7 scenic hikes in Vitosha, Sofia’s own mountain

7 scenic hikes in Vitosha, Sofia’s own mountain

Whether you’re arriving to Sofia by air, road or rail, the first thing that catches your eye as you enter the Sofia Valley is likely to be Vitosha, Sofia’s unmistakable natural landmark. Rising to 2290 metres above sea level and well over a mile above the valley floor, the dome-shaped Vitosha is Bulgaria’s fourth-highest mountain massif. And due to its proximity to the capital city and the accessible Aleko ski area, the mountain is also the locals’ favourite weekend retreat in all four seasons.

Do thickly forested slopes, subalpine plateaus, unique stone rivers, thundering waterfalls, secluded monasteries or snow-capped summits sound like a day well spent to you? Well then, prepare to discover kashkaval tourist’s 7 scenic hikes in Vitosha, Sofia’s own mountain!

1. Sofia summit galore: Cherni Vrah

Sofia summit galore: Cherni Vrah

Sofia summit galore: Cherni Vrah

Though it might sound like a challenge with its respectable height of 2290 metres and its reputation for strong winds, Vitosha’s highpoint Cherni Vrah is in fact a very accessible summit in any season. Because of its closeness to Sofia and the multitude of transport links and trails, Cherni Vrah is by far the most climbed mountain peak in Bulgaria, with tens of thousands of visitors each year. That the meteorological station’s teahouse on the summit reliably serves warm bean soup and cold beer might also be contributing to its popularity!

Cherni Vrah (Черни връх, “Black Peak”) stands only a few hundred metres above the high-altitude plateaus and the tree line, making the hike from the slightly wonky Dragalevtsi chairlift’s top station (Goli Vrah) a literal walk in the park in good weather. The ascent from the Aleko ski area is only a tad more challenging. However, the low difficulty of the trails doesn’t in any way impact the grandeur of the panoramas, whether you’re looking down towards Sofia or around to the awe-inspiring ridges of Rila, Pirin or the Balkan Mountains.

2. Stone rivers from the Ice Age: the Golden Bridges

Stone rivers from the Ice Age: the Golden Bridges

Stone rivers from the Ice Age: the Golden Bridges

Ever heard of stone rivers? Imagine a stream-like accumulation of thousands of massive boulders, extending for kilometres down the mountain slope. Thanks to Vitosha’s extraordinary geological history, these unique landforms from the last Ice Age have become something of a signature for Sofia’s nearby mountain! And though stone rivers can be found in a multitude of locations in the higher parts of Vitosha, the most famous (and largest) of them ought to be the Golden Bridges.

This particular stone river is more than two kilometres long and its poetic name supposedly comes from the yellowish lichen that grows on the boulders. In summer, the Golden Bridges (Златните мостове, Zlatnite mostove) are a beloved location for picnics and sunbathing, with kids having the time of their life hopping from boulder to boulder while the parents are chatting and sipping a beer nearby.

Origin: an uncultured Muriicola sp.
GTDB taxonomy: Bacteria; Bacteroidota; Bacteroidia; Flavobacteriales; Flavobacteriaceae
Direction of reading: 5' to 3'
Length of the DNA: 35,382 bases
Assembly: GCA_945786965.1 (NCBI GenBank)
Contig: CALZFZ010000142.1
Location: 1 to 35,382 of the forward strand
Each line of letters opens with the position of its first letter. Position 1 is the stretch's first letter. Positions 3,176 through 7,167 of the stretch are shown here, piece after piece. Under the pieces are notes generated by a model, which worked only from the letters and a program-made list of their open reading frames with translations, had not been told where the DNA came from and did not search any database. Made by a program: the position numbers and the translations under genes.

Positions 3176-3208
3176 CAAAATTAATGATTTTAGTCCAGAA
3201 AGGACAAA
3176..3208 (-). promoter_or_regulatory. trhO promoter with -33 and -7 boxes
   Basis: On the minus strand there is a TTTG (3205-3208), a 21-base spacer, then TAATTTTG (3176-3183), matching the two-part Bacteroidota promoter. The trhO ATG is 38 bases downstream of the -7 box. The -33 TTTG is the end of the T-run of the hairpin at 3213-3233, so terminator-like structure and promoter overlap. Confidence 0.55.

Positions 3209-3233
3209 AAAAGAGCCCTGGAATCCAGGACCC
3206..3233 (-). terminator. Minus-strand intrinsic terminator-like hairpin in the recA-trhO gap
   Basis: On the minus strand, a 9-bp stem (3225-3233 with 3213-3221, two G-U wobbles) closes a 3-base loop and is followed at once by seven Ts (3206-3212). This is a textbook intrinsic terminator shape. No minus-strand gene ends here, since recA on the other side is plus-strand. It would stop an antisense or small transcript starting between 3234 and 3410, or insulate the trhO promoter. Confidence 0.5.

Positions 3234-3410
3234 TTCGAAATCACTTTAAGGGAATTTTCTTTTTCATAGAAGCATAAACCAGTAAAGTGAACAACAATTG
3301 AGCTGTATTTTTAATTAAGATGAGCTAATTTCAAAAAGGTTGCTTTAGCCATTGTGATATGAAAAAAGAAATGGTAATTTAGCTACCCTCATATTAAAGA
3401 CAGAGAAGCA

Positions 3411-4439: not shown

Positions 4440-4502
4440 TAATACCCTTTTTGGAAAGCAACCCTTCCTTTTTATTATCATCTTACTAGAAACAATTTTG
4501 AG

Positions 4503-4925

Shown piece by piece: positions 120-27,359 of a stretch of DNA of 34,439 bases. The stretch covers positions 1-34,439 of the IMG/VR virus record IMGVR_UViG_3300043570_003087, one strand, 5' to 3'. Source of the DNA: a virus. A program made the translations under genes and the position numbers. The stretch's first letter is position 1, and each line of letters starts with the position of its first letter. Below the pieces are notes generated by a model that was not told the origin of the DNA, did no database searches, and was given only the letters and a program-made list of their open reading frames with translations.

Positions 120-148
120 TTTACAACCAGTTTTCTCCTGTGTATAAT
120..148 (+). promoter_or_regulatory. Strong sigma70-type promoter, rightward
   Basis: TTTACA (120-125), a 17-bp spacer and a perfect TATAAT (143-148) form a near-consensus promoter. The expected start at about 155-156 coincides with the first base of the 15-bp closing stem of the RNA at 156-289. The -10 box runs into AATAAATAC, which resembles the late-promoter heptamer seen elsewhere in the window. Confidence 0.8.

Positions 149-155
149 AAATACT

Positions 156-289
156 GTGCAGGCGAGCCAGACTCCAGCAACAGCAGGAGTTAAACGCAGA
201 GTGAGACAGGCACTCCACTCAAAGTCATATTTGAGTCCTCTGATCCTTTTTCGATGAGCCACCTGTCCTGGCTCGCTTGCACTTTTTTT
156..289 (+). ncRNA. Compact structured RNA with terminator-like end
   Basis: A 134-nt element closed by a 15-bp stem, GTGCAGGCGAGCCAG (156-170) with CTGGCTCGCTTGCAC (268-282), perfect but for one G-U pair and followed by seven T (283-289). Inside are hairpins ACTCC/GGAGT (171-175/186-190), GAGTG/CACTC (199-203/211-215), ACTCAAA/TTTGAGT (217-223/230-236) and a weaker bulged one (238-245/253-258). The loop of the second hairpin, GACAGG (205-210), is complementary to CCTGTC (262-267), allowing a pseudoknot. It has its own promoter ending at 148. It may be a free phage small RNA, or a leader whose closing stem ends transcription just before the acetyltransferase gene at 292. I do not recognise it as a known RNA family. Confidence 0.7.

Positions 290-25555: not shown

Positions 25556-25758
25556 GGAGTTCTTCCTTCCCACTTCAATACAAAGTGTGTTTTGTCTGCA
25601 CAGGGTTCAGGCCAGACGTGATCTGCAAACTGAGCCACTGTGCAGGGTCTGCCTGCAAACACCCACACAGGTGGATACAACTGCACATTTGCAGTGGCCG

Continue reading

8 breathtaking places in the Pirin Mountains

8 breathtaking places in the Pirin Mountains

Pirin may only be Bulgaria’s second-highest mountain range, but it easily competes with the national champion Rila in terms of scenic Alpine summits, crystal-clear glacial lakes and unbelievable high-altitude hiking trails.

A UNESCO World Heritage Site and one of Bulgaria’s three national parks, Pirin’s highest marble and granite peaks reach over 2,900 metres in height in Bulgaria’s southwest corner. Its stunning landscapes, rich flora and fauna and diverse trails of any difficulty have consistently placed it among the Balkans’ most amazing hiking experiences.

From a super-narrow ridge that you cross at 2,800 metres above the abyss to Bulgaria’s oldest evergreen tree, kashkaval tourist presents 8 breathtaking places in the Pirin Mountains! 

1. Ridge so narrow you can ride it: Koncheto

Ridge so narrow you can ride it: Koncheto

Ridge so narrow you can ride it: Koncheto

Situated between Pirin’s second and third-highest peaks, Kutelo and Banski Suhodol, Koncheto is perhaps Bulgaria’s most notorious mountain ridge. And with good reason, as crossing it from side to side is a challenge for anyone with a fear of heights! At times just half a metre wide, Koncheto (Кончето, “The Foal“) has that name because reportedly, inexperienced tourists would rather cross it by riding it than walking on top of it.

Koncheto is about 400 metres long and it has an abyss on each side, dropping almost vertically towards the Banski Suhodol cirque and glacieret and at a 70° angle towards the Vlahina River valley. For the ultimate high-altitude experience and an amazing sunrise, you can spend the night at the tiny Koncheto shelter at the ridge’s northwestern end.

2. The split marble peak: Sinanitsa

The split marble peak: Sinanitsa

The split marble peak: Sinanitsa

Regarded as one of Bulgaria’s most beautiful summits, Sinanitsa (Синаница) lies in Pirin’s western parts, above a stunning little glacial lake and the cozy Sinanitsa Hut. Sinanitsa’s unique appearance owes much to its characteristic split shape and its vertical walls of pink-grey marble.

Ascending Sinanitsa is a challenging one-hour hike from the hut at its foot, but the breathtaking views of Vihren, Koncheto and Kamenitsa from the top and the sheer pleasure and pride of conquering this marble giant is worth all the effort!

Continue reading